Susannah Cunningham, advocacy manager at Lutheran Immigration and Refugee Service, said:  “This week, when Democrats and Republicans introduced the Afghan Adjustment Act, legislators affirmed America’s promise to our Afghan allies. Hopefully, this Act will ease their burden and offer a bit of certainty after so much loss, and open a crack into a future that looks just a little more promising today.”

Lawrence Montreuil​, national legislative director at The American Legion said, “On behalf of our 1.8 million members, we are proud to support this bill to assist our Afghan allies and friends. It will ensure we keep our promises as a country. We have a moral obligation to save our Afghan allies and their countrymen. We hope to see Congress move quickly to pass this important legislation.”

Helal Massomi, a 27-year old Afghan women’s rights activist, who was evacuated to the United States last summer, said: “Passing the Afghan Adjustment Act would be one step towards fulfilling one of the many promises the U.S. has made to their allies, specially Afghan women. For people like myself, the Afghan Adjustment Act is the sole pathway to safety and a future.”

Matt Zeller, senior advisor for Iraq and Afghanistan Veterans of America, said: “A year has passed since Afghanistan fell to the Taliban. More than three hundred thousand Afghan wartime allies – interpreters & their families – remain left behind. They need our help. IAVA will not abandon them. The Afghan Adjustment Act is a vital piece of legislation because it will fix the structural flaws in the SIV program and provide a pathway to secure residency for those Afghans needing protection. We will fight to ensure that our country keeps its promise to those who served us. IAVA proudly endorses the AAA and urges Congress to pass it as soon as possible.”

Shawn VanDiver, veteran and founder of #AfghanEvac, said: “Voting for the Afghan Adjustment Act is voting for American veterans. It is voting for American values. It is voting to uphold America’s vow to stand with those who have stood with us. Today, our message to Congress is this: it’s time to do your part to help America lift up its allies.”

Mohammed Naeem, an Afghan-American who serves as senior manager for strategy and partnerships in the Center for Inclusion and Belonging at the American Immigration Council, said: “Passing the Afghan Adjustment Act is quite simply a pathway towards belonging in America. This act not only honors the inherent dignity of our Afghan friends — but also speaks to one of America’s most cherished values: loyalty to our word. And the American public has already spoken. Their support can be measured in the remarkable volume of generosity and willingness to resettle over 80,000 of our Afghan friends. All across this country, extraordinary Americans have opened their hearts and their homes. Now it is up to our elected members of Congress to legislate by way of those values, and deliver the votes for expedited passage of the Afghan Adjustment Act.”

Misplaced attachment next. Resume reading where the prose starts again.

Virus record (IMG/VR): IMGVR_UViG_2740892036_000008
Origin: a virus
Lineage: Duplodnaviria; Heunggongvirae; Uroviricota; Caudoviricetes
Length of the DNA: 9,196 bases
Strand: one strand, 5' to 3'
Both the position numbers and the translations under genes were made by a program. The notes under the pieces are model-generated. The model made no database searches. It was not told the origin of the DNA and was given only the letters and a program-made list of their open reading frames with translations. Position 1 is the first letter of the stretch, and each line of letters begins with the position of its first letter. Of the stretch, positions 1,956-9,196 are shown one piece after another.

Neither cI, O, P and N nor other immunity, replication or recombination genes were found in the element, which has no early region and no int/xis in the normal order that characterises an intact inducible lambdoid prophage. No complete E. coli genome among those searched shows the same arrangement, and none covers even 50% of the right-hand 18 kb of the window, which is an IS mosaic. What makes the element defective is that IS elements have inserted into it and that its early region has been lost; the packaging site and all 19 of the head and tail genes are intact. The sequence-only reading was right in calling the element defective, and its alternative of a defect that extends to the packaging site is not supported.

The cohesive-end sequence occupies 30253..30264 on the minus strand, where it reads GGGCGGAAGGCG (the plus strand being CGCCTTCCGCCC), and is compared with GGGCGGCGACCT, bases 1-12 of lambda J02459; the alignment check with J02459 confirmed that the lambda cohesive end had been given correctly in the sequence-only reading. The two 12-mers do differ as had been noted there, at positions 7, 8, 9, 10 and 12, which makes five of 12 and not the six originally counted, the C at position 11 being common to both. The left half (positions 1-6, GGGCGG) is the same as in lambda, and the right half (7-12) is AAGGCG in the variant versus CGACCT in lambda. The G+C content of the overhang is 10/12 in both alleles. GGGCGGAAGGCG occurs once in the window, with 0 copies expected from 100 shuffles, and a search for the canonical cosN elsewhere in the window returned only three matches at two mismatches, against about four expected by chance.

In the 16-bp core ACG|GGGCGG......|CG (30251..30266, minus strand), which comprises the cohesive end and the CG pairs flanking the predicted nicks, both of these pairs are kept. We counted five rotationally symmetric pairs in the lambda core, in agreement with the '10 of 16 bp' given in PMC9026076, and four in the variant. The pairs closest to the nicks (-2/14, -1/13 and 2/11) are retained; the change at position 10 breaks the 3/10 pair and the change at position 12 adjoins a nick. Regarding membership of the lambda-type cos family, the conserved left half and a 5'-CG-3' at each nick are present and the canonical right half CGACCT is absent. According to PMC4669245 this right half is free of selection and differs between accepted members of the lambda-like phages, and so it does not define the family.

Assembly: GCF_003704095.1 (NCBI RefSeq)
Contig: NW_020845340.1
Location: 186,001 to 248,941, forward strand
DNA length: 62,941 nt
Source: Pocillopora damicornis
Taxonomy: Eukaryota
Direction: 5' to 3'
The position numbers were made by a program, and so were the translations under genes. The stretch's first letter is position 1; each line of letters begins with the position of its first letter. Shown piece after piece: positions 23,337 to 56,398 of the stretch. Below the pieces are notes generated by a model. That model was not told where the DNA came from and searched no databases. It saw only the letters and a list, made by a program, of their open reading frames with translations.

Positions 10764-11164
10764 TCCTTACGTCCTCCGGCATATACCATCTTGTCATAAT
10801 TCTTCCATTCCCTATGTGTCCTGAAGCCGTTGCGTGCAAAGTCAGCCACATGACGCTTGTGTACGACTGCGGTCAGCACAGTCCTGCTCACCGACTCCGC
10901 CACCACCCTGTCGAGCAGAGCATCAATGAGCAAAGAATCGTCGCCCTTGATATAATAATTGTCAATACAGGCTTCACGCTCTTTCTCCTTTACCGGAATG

As a result of the U.S. military’s rushed withdrawal from Afghanistan, the vast majority of resettled Afghans were admitted to this country under “humanitarian parole,” a temporary status that does not confer a direct pathway to lawful permanent residence.

The Afghan Adjustment Act will help put thousands of our Afghan allies on a pathway to lawful permanent residence in the United States, as the U.S. has done for many other communities affected by U.S. foreign policies.

The Afghan Adjustment Act streamlines the immigration process for many Afghan nationals, especially those who supported the U.S. mission in Afghanistan. It will extend Special Immigrant Visa (SIV) status to additional at-risk Afghans. The act also supports Afghan nationals outside the United States who meet the requirements for SIV status or U.S. Refugee Admissions Program (USRAP) referrals.

Evacuate Our Allies, its constituent organizations, and many other individuals and groups urge Congress to pass and the President to sign the Afghan Adjustment Act so Afghans who have were resettled the United States can continue to build their lives in safety and security as our colleagues, friends and new members of our American family.

To watch a recording of the event:  https://twitter.com/EvacOurAllies/status/1557415697034235904

Press

Published on September 19, 2022